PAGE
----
There's no doubt New York is an expensive city. We've all heard of young renters working hard and struggling to make ends meet, but it turns out these struggles aren't limited to people in their 20s. It's becoming common for people in their 30s or 40s to need guarantors to sign a lease.
Affordability is one of the biggest issues facing renters in New York. No matter your economic situation, finding affordable housing can be a challenge with rising rents leading to displacement across the city.
You make updates and renovations to your New York City property. Then you slap your tenants with appreciably higher rents.
Data exist to mark and lend understanding of the turnover rate in the legions of rent-stabilized buildings across New York City. When one complex features notably higher-than-average departures, it can be telling evidence of unusual -- even abnormal - circumstances.
We recently noted for readers the results of the June 26 vote taken by the New York City Rent Guidelines Board on rent-stabilized lease increases. The RGB decided to raise rents 1.5% and 2.5%, respectively, on one-year and two-year lease terms effective October 1 of this year. That adjustment spelled the largest spike in several years.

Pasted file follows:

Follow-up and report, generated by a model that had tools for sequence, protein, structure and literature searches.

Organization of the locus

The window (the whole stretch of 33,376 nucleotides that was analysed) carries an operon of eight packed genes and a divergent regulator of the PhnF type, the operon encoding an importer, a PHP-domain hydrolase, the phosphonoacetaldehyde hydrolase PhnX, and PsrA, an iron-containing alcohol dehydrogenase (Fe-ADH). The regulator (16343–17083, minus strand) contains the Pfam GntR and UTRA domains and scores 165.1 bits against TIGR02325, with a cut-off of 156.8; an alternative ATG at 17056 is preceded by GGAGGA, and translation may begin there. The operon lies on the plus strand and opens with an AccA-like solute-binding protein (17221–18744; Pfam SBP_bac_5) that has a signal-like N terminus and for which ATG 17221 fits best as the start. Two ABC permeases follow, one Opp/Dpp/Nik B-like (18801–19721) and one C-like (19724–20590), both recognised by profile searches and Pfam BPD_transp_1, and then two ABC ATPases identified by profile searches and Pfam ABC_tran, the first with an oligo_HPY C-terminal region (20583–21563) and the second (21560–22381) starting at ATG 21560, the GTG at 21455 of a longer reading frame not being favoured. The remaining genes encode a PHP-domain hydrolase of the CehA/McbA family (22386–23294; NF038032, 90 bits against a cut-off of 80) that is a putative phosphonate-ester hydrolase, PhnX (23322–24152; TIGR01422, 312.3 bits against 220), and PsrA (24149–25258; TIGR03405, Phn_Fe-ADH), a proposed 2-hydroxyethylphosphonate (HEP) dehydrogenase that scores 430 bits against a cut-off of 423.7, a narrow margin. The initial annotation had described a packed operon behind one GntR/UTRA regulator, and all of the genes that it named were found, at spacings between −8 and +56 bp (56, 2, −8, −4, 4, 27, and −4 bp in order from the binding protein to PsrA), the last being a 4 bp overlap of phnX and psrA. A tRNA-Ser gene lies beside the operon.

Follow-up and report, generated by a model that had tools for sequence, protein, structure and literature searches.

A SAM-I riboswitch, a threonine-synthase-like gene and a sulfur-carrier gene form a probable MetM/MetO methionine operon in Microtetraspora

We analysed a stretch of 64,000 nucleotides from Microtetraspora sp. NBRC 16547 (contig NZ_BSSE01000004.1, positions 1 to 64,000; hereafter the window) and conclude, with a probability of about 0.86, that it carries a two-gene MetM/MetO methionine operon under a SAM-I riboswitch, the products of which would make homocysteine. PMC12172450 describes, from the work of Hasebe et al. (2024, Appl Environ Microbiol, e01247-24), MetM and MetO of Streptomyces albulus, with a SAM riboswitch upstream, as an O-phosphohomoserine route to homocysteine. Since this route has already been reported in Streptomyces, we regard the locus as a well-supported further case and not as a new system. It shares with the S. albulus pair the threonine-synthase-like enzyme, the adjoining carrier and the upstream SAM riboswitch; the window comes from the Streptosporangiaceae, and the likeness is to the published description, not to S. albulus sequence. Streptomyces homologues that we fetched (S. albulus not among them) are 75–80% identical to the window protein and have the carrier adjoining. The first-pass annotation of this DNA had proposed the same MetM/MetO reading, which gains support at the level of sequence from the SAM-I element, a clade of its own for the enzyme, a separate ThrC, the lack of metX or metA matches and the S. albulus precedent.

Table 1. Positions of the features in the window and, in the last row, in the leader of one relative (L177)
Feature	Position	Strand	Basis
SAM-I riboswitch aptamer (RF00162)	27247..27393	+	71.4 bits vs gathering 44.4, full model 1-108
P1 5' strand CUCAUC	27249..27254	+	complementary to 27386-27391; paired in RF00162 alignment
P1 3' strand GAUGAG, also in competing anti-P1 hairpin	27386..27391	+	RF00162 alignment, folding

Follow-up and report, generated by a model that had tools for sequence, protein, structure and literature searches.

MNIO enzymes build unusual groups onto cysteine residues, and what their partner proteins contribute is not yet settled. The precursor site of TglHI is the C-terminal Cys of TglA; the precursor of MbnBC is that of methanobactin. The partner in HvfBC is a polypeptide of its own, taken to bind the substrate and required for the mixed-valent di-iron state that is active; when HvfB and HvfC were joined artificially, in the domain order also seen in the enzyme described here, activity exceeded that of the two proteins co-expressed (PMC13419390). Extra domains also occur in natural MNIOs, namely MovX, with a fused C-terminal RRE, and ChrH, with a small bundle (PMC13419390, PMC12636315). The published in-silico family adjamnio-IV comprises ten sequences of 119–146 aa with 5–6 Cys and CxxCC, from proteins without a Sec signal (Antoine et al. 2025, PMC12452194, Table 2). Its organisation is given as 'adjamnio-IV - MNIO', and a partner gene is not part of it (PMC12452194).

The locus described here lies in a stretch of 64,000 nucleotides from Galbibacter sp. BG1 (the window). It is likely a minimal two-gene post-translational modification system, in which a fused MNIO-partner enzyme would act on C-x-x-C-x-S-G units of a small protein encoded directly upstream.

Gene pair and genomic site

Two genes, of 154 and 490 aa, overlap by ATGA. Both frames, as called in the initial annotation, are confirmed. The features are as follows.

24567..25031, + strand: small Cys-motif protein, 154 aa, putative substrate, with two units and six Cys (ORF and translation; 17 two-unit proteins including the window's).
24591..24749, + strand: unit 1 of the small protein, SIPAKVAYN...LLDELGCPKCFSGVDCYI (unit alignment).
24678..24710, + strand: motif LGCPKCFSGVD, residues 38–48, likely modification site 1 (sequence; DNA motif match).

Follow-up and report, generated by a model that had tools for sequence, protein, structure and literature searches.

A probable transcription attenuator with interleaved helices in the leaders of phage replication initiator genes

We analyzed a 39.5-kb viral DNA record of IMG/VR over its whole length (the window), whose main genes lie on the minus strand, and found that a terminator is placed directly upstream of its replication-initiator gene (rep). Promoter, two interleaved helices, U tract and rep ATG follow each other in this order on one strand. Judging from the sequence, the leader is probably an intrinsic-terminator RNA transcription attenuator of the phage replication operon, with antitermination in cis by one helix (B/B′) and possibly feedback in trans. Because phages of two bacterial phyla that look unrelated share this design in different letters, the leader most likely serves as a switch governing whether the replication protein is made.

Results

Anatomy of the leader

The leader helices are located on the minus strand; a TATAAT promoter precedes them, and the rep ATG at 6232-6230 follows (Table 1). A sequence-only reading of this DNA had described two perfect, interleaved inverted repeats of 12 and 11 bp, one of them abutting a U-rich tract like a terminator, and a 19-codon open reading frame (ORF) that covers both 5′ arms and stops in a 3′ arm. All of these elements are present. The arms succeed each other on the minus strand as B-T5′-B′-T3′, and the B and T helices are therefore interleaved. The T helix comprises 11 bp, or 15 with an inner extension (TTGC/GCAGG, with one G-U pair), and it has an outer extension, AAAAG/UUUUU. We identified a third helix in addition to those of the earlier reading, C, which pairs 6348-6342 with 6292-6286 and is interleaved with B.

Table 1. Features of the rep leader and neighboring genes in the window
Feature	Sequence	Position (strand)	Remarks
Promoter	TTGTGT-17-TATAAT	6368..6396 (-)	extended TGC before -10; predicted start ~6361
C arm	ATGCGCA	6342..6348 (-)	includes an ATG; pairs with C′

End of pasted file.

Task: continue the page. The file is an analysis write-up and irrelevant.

The definitive decision annually reached by the New York City Rent Guidelines Board on rent-stabilized lease increases was announced on June 26.
A recent in-depth article on rent-stabilized housing in New York City and disputes that end up in Housing Court leads off with the assertion that, for legions of people, the term "gentrification" has unsettling connotations. In fact, it is "a dirty word."
It makes sense why real estate groups and developers' lobbying entities have long pushed - consistently and insidiously - the argument that New York City rent stabilization is all about affordability for the metro's most cash-pressured tenants.
Let the games begin.
"[A] worsening crisis."